Is the polarization of light relative?

I was wondering if anyone had input into this question. Is the measured polarization of a beam of light relative to the frame of the observer?

In the texts on Optics that I've read, there does not seem to be any reference to the observer's frame. It is only mentioned that light is Left-circularly polarized or linearly polarized, etc.

When we describe polarization we ascribe to the light-beam in question a vector representing the polarized state. But is that polarized state the same for each observer?

I am speculating that the polarization is relative and this is my (naive) reasoning.
If we were discussing the path of a bullet, then in the frame of reference of somebody rotating, the path of the bullet would be curved. So the time dependent vector representing the path of the bullet would depend on the frame of reference of the observer.

Now, the physics of light is so bizarre and I can barely understand it that I do not assume that the analogy between bullets and light can be taken very far. The point of the analogy though is that polarization state is described by a vector and similarly the path of the bullet. And since the mathematical abstraction that the vector represents depends on the reference frame for the bullet then I would assume that the polarization similarly depends on the reference frame of the observer as well.

This is one of my problems in physics though. I am constantly in a wrestling match between distinguishing the mathematics from the physics.
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 Recognitions: Gold Member Science Advisor Staff Emeritus First consider the case of a massive spinning particle. Say that one observer says the particle is spinning like a right-handed screw going into a piece of wood, i.e., clockwise as seen from behind. Another observer who is traveling in the same direction as the particle, but faster, sees the particle as going backward, and therefore says it is spinning like a left-handed screw. It's different in the case of a massless particle. You can't overtake a massless particle, because massless particles travel at c. This is also why it's possible to have a law of physics that says that light is always transversely polarized. You can't have a constraint on the polarization of a massive particle, because there would be no way to define the constraint in the frame where the particle was at rest.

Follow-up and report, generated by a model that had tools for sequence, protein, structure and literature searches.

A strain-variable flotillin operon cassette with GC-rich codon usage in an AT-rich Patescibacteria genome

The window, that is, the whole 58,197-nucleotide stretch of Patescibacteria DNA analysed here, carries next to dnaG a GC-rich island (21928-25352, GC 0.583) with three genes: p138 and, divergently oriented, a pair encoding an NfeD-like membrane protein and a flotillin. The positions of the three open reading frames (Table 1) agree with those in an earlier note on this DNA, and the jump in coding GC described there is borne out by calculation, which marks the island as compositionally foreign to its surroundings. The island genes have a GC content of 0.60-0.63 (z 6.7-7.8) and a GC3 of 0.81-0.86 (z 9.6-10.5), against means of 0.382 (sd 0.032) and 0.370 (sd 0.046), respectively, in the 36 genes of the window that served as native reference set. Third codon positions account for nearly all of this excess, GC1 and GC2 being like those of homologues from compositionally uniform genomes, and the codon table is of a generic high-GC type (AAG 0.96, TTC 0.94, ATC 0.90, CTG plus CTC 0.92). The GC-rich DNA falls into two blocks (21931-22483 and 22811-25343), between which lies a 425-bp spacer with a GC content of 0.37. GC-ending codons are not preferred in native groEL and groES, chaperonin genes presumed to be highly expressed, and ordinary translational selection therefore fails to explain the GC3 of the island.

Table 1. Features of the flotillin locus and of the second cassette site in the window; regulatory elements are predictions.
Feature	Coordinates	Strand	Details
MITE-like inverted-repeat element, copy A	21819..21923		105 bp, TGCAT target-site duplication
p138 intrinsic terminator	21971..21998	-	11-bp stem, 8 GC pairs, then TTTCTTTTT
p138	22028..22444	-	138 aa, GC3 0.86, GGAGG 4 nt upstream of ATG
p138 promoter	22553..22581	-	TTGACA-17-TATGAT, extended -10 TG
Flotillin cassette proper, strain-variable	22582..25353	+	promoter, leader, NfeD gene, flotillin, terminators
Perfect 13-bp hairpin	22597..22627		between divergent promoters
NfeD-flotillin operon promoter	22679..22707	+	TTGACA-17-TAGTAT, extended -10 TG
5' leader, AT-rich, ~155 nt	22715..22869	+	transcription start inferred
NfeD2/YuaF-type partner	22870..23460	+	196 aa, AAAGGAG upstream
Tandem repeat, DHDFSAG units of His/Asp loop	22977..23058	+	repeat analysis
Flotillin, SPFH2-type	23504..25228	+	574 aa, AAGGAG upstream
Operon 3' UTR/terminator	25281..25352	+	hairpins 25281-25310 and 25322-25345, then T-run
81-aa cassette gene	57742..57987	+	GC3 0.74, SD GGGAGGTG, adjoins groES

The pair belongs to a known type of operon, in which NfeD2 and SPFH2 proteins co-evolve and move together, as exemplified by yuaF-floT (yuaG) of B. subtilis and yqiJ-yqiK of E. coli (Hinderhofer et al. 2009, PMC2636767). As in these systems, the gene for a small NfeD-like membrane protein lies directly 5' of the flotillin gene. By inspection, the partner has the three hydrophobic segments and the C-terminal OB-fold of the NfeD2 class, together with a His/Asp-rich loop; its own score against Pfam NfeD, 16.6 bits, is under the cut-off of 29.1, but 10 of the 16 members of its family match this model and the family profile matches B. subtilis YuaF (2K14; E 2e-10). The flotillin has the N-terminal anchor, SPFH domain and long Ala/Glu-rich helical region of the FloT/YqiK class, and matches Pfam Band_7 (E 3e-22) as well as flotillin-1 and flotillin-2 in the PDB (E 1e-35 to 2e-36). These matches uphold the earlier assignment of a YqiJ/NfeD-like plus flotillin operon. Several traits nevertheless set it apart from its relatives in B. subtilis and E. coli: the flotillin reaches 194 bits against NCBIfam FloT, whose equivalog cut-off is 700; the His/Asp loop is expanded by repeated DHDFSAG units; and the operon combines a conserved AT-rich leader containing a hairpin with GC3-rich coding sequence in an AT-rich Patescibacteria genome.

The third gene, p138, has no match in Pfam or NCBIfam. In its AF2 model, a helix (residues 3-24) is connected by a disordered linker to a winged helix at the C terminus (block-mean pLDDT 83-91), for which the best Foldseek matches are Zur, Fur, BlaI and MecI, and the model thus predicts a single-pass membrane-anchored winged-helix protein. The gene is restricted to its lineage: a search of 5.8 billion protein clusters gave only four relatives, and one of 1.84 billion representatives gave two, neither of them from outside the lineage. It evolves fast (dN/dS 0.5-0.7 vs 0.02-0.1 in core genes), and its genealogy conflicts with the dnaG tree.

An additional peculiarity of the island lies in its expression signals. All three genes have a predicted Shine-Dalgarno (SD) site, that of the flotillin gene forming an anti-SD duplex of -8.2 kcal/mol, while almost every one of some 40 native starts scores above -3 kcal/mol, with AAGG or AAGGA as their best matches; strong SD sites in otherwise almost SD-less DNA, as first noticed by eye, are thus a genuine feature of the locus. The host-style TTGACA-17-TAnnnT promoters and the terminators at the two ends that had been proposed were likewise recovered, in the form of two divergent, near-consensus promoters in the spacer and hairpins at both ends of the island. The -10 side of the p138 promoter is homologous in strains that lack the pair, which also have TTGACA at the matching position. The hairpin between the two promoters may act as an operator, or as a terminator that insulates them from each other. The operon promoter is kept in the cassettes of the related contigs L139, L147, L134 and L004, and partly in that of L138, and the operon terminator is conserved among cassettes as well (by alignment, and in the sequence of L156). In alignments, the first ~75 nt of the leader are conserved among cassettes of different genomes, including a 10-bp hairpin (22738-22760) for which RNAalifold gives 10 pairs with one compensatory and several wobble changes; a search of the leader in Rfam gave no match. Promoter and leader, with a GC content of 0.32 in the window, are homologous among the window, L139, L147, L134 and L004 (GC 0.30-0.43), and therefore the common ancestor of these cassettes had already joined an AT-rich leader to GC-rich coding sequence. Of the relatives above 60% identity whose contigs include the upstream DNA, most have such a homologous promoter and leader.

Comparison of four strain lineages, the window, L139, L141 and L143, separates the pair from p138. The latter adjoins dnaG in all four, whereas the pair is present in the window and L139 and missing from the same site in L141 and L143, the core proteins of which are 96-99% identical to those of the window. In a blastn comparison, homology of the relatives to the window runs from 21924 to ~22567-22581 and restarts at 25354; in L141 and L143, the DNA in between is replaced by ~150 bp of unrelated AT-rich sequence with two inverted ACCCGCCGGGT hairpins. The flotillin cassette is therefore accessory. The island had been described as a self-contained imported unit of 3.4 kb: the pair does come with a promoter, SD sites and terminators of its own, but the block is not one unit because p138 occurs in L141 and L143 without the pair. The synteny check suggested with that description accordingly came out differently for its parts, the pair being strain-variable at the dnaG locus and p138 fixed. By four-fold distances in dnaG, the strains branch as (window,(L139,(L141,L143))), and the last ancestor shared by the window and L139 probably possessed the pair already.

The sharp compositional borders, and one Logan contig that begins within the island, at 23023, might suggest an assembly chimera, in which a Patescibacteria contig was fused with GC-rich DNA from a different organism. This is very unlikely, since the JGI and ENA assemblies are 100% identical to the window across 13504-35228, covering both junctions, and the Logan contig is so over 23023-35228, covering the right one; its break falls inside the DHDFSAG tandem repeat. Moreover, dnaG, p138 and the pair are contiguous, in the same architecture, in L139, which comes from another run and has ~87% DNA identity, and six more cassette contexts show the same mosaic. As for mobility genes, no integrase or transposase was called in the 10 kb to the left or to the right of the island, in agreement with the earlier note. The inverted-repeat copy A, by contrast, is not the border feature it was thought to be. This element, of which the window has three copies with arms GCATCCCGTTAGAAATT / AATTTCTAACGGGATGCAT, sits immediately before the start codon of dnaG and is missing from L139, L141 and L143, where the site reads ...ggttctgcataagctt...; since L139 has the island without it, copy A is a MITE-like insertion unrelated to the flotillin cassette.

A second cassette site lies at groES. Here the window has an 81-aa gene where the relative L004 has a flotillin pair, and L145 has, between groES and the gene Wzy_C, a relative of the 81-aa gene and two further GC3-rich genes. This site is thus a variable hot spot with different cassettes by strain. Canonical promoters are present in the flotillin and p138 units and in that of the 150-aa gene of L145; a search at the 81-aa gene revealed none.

Quote by bcrowell First consider the case of a massive spinning particle. Say that one observer says the particle is spinning like a right-handed screw going into a piece of wood, i.e., clockwise as seen from behind. Another observer who is traveling in the same direction as the particle, but faster, sees the particle as going backward, and therefore says it is spinning like a left-handed screw. It's different in the case of a massless particle. You can't overtake a massless particle, because massless particles travel at c. This is also why it's possible to have a law of physics that says that light is always transversely polarized. You can't have a constraint on the polarization of a massive particle, because there would be no way to define the constraint in the frame where the particle was at rest.
I suppose you mean massless.

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Is the polarization of light relative?

 Quote by Passionflower I suppose you mean massless.
No, I meant massive.

 Quote by bcrowell No, I meant massive.
Oh I see, you are talking about a constraint, took me a second the realize what you wrote.

Sorry for that.